Long-term telbivudine treatment with profound and durable viral suppression significantly improved liver histology, thus achieving the long-term goals of CHB treatment. FibroScan® results after 5 and 6 years of treatment (in almost 20% of patients) were consistent with this information.
Funding
Novartis and National Science and Technology Major Project (2012ZX10002003).
Trial registration
ClinicalTrials.gov # NCT00877149.
Electronic supplementary material
The online version of this article (doi:10.1007/s12325-015-0232-2) contains supplementary material, which is available to authorized users.
doi:10.1007/s12325-015-0232-2
PMCID: PMC4572721  PMID: 26329749
Chronic hepatitis B; Ishak fibrosis score; Knodell necroinflammatory score; Liver biopsy; Telbivudine
12.  Phylogenetic Relationships and Evolution of the Androecia in Ruteae (Rutaceae) 
PLoS ONE  2015;10(9):e0137190.
Ruta, which belongs to tribe Ruteae, is the type genus of the subfamily Rutoideae and the family Rutaceae. Molecular systematic studies have shown that the genera in Ruteae are closer related to Aurantioideae than to most other genera of Rutoideae, some of the genera traditionally placed in Ruteae have been shown to be nested within the Aurantioideae clade, but the diagnostic characters for determining new patterns in the relationship are poor. In this study, we investigated the floral development of Boenninghausenia in Ruteae (sensu stricto), Haplophyllum in the basal position of Aurantioideae and Murraya in traditional Aurantioideae using scanning electron microscopy. The androecium of Boenninghausenia is obdiplostemony. As androecia in other genera within Ruteae (s.s.) are also obdiplostemonous, reconstruction of the ancestral state indicates that obdiplostemony is an ancestral character in this clade. Because the androecia of Haplophyllum and Murraya are also obdiplostemonous, obdiplostemony is also an ancestral character in Aurantioideae clade. The ancestral state reconstruction indicates this character can serve as a synapomorphy of the Ruteae-Aurantioideae clade. The results of our work also shed light on the evolution of the androecium in Rutaceae, as the obdiplostemony of this group is clearly derived from haplostemony in the ancestral genera in Rutaceae and has develop into polyandry by increasing antepetalous stamens.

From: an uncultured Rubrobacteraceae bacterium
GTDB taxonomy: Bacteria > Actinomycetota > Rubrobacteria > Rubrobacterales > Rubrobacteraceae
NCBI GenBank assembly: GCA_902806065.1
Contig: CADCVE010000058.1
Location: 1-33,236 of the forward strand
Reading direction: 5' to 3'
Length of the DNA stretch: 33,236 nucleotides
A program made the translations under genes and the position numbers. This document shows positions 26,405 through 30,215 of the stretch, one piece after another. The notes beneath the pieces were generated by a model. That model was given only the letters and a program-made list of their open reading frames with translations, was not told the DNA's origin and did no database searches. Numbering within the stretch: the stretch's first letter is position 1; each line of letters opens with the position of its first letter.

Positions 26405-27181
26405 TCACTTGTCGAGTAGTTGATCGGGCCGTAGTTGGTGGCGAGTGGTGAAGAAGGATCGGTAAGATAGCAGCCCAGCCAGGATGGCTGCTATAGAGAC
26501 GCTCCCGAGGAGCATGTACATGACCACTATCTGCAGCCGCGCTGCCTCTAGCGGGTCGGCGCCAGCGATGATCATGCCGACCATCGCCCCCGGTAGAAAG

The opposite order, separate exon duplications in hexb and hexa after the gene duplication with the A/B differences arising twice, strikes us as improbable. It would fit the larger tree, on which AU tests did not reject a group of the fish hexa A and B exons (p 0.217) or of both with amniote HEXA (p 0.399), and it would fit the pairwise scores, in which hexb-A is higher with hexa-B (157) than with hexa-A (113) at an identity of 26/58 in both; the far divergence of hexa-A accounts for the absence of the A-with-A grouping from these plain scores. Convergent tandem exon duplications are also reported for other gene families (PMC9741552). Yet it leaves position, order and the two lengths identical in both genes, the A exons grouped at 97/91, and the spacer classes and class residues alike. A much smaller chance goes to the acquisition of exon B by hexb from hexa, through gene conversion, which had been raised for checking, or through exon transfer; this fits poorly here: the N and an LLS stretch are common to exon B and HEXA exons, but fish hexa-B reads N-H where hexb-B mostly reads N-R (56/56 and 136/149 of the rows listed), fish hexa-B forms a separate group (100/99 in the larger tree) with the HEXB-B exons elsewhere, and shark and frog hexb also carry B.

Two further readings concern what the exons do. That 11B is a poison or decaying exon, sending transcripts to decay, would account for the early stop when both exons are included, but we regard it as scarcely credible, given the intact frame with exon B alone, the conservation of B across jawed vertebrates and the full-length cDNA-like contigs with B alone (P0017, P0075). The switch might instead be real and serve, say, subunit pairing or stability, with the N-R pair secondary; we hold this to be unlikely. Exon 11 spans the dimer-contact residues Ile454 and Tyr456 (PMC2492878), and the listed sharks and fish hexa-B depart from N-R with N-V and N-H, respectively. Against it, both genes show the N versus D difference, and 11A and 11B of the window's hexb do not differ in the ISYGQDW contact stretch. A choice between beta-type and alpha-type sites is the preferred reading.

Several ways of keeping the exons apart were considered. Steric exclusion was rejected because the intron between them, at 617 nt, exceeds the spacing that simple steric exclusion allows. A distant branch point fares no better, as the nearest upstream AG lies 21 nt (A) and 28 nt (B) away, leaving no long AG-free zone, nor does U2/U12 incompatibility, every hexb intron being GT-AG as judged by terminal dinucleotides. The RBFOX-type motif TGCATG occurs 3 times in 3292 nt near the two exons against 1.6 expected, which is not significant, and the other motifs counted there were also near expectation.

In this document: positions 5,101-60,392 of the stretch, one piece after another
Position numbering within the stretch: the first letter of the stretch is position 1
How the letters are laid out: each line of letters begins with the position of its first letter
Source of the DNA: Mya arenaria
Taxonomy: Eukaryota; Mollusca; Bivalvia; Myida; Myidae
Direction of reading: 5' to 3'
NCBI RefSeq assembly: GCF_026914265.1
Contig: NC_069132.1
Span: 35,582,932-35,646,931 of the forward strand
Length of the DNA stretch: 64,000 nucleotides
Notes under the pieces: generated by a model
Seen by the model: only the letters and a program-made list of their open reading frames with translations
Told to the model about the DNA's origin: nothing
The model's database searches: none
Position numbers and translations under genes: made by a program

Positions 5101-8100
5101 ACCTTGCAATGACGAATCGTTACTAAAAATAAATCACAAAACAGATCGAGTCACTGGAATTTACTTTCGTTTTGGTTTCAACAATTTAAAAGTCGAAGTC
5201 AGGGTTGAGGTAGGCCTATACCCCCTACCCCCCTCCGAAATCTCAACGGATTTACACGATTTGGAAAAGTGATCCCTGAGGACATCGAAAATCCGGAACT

doi:10.1371/journal.pone.0137190
PMCID: PMC4557828  PMID: 26332986
13.  Erlotinib in African Americans with Advanced Non-Small Cell Lung Cancer: A Prospective Randomized Study with Genetic and Pharmacokinetic Analysis